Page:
• Similarly, it is conditionally recommended patients with IIM-ILD can receive calcineurin inhibitors (CNI) as a first-line ILD treatment, although CNI is conditionally recommended against for all other patients with SARD-ILD
  • Optimal medical management over referral for stem cell or lung transplant as first-line ILD treatment is conditionally recommended

The following are recommendations for the management of SARD-ILD despite first-line ILD treatment:

  • Long-term glucocorticoid use is strongly recommended against for patients with SSc-ILD progression and conditionally recommended against for other patients with SARD-ILD
  • Mycophenolate, nintedanib, rituximab, and cyclophosphamide are conditionally recommended for this patient population
  • Pirfenidone is conditionally recommended against for patients with SARD-ILD, except for those with RA-ILD progression, in which it is conditionally recommended
  • CNIs are conditionally recommended against in patients with SARD-ILD, except for those with IIM-ILD, in which it is conditionally recommended
  • It is conditionally recommended against using plasma exchange as a treatment option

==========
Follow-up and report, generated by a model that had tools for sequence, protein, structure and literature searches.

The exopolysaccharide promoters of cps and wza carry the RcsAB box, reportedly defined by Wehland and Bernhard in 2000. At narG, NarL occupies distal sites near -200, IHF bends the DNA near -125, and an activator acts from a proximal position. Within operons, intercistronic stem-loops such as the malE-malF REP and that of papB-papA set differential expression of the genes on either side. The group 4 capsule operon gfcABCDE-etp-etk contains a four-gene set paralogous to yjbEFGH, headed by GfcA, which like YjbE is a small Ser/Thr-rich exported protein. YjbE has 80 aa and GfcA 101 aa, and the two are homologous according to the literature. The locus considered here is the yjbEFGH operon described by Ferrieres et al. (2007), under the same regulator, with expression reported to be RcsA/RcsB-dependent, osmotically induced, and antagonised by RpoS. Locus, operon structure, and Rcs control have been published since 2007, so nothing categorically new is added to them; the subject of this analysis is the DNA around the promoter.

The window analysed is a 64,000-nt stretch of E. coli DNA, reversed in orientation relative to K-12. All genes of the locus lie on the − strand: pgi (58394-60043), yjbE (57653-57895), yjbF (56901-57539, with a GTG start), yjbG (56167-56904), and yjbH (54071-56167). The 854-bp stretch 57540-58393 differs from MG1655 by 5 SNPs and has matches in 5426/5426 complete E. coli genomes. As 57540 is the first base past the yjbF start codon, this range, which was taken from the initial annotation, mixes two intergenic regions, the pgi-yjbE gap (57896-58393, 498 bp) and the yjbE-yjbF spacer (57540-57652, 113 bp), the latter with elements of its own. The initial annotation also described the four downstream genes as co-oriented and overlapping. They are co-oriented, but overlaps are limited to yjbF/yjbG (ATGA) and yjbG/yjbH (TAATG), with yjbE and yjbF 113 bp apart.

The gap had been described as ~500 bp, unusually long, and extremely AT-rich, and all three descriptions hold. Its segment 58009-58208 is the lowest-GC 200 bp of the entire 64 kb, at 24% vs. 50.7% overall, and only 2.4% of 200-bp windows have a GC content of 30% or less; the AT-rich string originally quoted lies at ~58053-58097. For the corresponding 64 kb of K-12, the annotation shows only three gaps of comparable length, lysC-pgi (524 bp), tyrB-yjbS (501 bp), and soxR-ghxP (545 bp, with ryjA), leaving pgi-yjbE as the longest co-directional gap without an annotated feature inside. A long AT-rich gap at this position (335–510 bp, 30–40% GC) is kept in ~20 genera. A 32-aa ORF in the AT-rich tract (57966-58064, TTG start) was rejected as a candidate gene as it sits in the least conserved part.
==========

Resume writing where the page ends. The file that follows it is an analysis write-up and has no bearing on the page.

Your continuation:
• Stem cell transplantation and/or lung transplantation was conditionally recommended for patients with SSc-ILD progression despite first ILD treatment

“We know that early detection and hastened referral to care, in collaboration with pulmonology, is critical for the best patient outcomes,” stated Sonye K Danoff, MD, PhD, guideline author, pulmonologist and director of the Interstitial Lung Disease/ Pulmonary Fibrosis program at Johns Hopkins University School of Medicine. “Because symptoms of ILD (cough, shortness of breath, fatigue) can be subtle or result from other common diseases, the diagnosis of ILD can be delayed. Increasing awareness of the groups at highest risk for developing ILD and implementing appropriate screening and treatment practices should have long-term benefits.”